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Chayun, Tantivasadakarn |
Date Issued | 1994 |
Description | This thesis focuses on three issues pertaining to growth, development, and trade between developed and developing countries. The first essay develops an endogenous growth model that incorporates Engel’s law into the preferences. The model shows that the initial distribution of income is crucial to the outcome. A closed-economy country where most of its population is poor experiences a low rate of innovation. Income transfers from the rich to the poor can increase the effective labour supply, thereby enhancing the rate of innovation. Under free trade, only the rich benefit from trade. The poor are indifferent unless they already can afford to consume the minimum requirement of food before trade or the minimum requirement becomes affordable after trade by cheaper imported food. The initial distribution of income influences the trade patterns. Moreover, income redistribution in a free trade environment also increases the growth rate. The second essay extends the first one by assuming that the marginal product of labour of the food sector is decreasing. It shows that an increase in population may decrease the growth rate if the initial population is large relative to the productivity of the food sector. Moreover, an increase in one country’s population may reduce that country’s production share of the world’s innovation and increase its dependency on imported technology. The last essay analyzes the welfare impact of minimum-export requirements (MERs) imposed on foreign direct investments. This essay shows that MERs can be Pareto improving measures to both the source and the host countries. When offshore plants are used by parent firms to compete with domestic firms in the source country, MERs can improve the host country’s welfare by inducing the total sales in the source country to rise, thereby reducing the distortion generated by imperfect competition. The MERs can simultaneously improve the welfare of the host country by shifting profits of the foreign firms toward the local firms. If the local firms are absent, the host’s welfare may still be improved if sufficient profits from foreign operations are retained in the host country. |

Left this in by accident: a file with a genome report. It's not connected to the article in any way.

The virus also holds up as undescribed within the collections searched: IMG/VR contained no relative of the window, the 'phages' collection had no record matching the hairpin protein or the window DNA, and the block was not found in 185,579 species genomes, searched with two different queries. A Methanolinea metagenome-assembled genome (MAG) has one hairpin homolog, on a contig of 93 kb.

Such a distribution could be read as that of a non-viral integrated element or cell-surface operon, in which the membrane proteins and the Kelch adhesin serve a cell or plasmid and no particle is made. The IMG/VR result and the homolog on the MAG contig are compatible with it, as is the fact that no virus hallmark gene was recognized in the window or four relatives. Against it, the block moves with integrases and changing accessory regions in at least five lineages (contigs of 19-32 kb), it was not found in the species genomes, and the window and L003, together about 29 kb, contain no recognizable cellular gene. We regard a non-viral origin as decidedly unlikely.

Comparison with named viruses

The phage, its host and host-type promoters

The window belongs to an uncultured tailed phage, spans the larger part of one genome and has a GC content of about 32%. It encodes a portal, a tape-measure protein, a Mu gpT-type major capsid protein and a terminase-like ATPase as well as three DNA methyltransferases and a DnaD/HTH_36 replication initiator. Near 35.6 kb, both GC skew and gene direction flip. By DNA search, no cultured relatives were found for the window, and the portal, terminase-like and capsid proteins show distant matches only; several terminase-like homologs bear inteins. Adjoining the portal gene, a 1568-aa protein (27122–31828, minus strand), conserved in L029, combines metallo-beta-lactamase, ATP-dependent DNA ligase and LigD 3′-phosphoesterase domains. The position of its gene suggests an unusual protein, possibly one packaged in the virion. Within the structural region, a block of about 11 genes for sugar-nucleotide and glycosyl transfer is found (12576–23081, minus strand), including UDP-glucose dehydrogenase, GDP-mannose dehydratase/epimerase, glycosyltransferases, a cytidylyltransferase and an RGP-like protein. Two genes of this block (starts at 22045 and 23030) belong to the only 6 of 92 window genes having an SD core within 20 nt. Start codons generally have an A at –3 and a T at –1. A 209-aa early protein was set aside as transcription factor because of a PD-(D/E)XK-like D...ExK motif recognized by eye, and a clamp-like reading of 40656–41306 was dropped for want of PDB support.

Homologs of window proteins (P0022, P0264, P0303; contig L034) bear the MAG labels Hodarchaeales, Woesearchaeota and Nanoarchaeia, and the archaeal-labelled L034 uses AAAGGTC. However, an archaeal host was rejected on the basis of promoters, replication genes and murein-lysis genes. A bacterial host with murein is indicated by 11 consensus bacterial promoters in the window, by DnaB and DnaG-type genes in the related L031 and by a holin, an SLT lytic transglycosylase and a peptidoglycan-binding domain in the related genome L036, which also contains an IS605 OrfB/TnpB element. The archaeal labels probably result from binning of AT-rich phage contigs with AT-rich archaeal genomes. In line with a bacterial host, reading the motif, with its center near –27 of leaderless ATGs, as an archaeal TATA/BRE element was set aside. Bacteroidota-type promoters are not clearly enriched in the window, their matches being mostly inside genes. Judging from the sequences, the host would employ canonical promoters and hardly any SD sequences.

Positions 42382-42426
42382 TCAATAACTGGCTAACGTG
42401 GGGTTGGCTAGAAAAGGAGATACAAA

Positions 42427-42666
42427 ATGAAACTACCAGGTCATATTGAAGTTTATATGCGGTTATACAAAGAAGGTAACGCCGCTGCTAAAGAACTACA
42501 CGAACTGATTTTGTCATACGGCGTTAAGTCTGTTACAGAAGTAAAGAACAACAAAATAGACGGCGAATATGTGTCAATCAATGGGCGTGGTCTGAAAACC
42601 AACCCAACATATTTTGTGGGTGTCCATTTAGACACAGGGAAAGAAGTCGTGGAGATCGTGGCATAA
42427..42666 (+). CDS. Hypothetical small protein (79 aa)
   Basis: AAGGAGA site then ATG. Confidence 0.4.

Extent | 3666243 bytes |
Subject |
International economic relations Developing countries -- Foreign economic relations |
Genre |
Thesis/Dissertation |
Type |
Text |
FileFormat | application/pdf |
Language | eng |
Date Available | 2009-06-11 |
Provider | Vancouver : University of British Columbia Library |
Rights | For non-commercial purposes only, such as research, private study and education. Additional conditions apply, see Terms of Use https://open.library.ubc.ca/terms_of_use. |
DOI | 10.14288/1.0088919 |
URI | http://hdl.handle.net/2429/8978 |
Degree |
Doctor of Philosophy - PhD |
Program |
Economics |
Affiliation |
Arts, Faculty of Vancouver School of Economics |
Degree Grantor | University of British Columbia |
GraduationDate | 1995-11 |
Campus |
UBCV |
Scholarly Level | Graduate |
AggregatedSourceRepository | DSpace |